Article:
The Carter administration yesterday vigorously opposed a series of congressional tax-incentive plans intended to spur exports, arguing the measures would cost the Treasury too much and undermine the new multilateral trade agreement.

In testimony before a Senate Finance subcommittee, Emil M. Sunley, deputy assistant secretary of the Treasury for tax policy, said the measures "would seem to violate the spirit, and perhaps the letter" of the new trade pact.

Sunley dismissed one of the proposals as "unwise" and another as "undesirable tax and economic policy." He said the measures, some of which are similar to existing programs, "can be expected to have . . . limited effectiveness."

Despite Sunley's strong language, the administration's opposition did not seem likely to deter the subcommittee, some of whose members are among the chief sponsors of the new export-incentive proposals.

The subcommittee also heard from a bevy of spokesman from business and trade groups, who contended the tax breaks were needed to help boost productivity, create more jobs, trim back inflation and sell more abroad.

The series of proposals, sponsored in various forms by Sens. Lloyd Bentsen (D-Tex.), John H. Chafee (R-R.I.) and John C. Danforth (R-Mo.), would provide faster depreciation writeoffs for business and tax breaks for research.

Treasury estimates show Chafee's proposal would drain $2.7 billion from government coffers in 1980, soaring to $10.7 billion by 1984. Bentsen's major plan would cost $1.3 billion next year, while Danforth's would cost $1.9 billion.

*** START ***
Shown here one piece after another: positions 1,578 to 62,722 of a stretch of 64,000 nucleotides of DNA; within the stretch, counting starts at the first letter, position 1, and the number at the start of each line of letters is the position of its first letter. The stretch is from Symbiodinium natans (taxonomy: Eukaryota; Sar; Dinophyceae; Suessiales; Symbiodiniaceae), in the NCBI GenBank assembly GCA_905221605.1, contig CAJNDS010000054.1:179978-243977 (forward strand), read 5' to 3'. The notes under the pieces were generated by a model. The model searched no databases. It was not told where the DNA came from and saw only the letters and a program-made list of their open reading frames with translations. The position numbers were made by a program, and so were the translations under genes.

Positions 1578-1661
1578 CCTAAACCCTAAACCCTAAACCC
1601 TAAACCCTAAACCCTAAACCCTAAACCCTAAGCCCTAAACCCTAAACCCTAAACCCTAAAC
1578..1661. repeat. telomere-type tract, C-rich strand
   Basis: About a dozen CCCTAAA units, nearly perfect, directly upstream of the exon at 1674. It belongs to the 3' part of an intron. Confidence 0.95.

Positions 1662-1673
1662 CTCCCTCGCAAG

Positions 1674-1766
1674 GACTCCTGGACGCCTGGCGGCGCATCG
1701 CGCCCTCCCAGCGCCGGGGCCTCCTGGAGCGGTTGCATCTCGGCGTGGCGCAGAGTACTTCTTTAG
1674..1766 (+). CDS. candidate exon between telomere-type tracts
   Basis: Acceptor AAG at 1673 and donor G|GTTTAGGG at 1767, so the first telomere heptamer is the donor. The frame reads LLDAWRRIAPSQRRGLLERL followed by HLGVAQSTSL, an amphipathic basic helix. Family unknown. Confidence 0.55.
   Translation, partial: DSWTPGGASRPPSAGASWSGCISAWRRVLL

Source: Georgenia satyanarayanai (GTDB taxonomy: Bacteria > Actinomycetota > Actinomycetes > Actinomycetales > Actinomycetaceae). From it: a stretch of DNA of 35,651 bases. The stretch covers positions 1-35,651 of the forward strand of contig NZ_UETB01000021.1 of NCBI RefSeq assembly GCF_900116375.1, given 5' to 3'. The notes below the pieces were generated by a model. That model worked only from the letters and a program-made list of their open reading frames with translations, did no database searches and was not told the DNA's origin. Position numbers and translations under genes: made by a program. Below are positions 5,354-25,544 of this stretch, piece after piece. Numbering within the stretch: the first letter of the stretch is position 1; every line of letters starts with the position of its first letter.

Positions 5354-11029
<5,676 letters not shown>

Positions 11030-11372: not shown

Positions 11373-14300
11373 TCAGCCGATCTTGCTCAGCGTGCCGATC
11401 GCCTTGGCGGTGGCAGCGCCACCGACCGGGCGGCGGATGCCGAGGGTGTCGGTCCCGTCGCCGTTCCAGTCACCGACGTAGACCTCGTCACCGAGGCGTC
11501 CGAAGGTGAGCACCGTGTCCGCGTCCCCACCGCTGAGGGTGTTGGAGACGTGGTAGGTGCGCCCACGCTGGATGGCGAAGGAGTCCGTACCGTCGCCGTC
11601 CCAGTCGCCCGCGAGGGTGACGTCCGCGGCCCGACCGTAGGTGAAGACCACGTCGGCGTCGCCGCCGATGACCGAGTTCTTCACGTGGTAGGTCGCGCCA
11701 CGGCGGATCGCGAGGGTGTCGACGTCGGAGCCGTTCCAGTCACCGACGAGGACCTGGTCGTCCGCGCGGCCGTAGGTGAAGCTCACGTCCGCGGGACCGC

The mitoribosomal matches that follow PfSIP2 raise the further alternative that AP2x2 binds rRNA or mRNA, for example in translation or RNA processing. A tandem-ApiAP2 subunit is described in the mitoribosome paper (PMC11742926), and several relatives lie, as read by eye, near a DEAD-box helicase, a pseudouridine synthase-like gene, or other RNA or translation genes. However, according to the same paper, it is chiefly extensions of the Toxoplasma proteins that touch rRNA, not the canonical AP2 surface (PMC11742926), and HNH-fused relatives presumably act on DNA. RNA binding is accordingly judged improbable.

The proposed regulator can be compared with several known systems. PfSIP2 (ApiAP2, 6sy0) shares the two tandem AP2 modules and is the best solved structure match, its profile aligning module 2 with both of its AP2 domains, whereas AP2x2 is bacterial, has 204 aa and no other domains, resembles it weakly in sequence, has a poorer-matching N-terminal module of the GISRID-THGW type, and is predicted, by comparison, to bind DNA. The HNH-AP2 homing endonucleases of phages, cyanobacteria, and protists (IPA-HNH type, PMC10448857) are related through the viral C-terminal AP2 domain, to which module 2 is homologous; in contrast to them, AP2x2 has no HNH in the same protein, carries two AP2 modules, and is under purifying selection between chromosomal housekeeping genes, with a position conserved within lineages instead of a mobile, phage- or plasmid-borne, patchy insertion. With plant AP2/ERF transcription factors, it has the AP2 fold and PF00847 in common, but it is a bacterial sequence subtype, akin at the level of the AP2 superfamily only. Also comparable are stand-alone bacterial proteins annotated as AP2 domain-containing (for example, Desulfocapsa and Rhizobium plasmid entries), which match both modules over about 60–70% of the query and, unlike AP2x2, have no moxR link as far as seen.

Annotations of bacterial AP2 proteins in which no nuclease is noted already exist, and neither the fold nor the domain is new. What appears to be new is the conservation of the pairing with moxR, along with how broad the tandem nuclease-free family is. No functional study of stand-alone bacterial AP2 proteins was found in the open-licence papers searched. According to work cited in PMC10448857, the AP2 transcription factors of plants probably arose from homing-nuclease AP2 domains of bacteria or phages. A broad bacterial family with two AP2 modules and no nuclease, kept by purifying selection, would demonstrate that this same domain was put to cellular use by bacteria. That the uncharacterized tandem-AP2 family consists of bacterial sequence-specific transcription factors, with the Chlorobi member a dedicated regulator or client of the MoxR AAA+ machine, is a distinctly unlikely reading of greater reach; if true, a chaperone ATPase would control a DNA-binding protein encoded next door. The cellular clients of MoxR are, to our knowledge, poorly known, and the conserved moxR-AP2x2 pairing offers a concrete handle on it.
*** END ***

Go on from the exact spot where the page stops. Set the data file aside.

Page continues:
The Treasury's opposition yesterday put the administration and Congress on what could prove to be a collision course on the question of new investment incentives. Carter is said to favor some new tax plans, but wants the budget held in check.

At the same time, Congress appears to be becoming more and more interested in enacting new tax breaks to spur business investment. Bentsen said yesterday he thought many of the proposals had a good chance of enactment this year.

The proposals the subcommittee began considering yesterday include:

A Bentsen plan to allow businesses to shorten their writeoff of new equipment by 30 percent below the official "guideline life" for that item, instead of 20 percent as under present law.

Chafee's proposal to replace the present system of depreciation allowances with a single cost-recovery period with sharply reduced record-keeping requirements. Most depreciation periods would be cut below 7 years.

A Danforth bill to allow businesses a 10 percent investment tax credit for research and development. Danforth also is sponsoring a special tax credit for business contributions to basic research projects.

A joint Bentsen-danforth plan that would allow special deductions for unrealized foreign currency losses connected with export efforts, a "bad debt" deduction and special treatment for research and development expenses.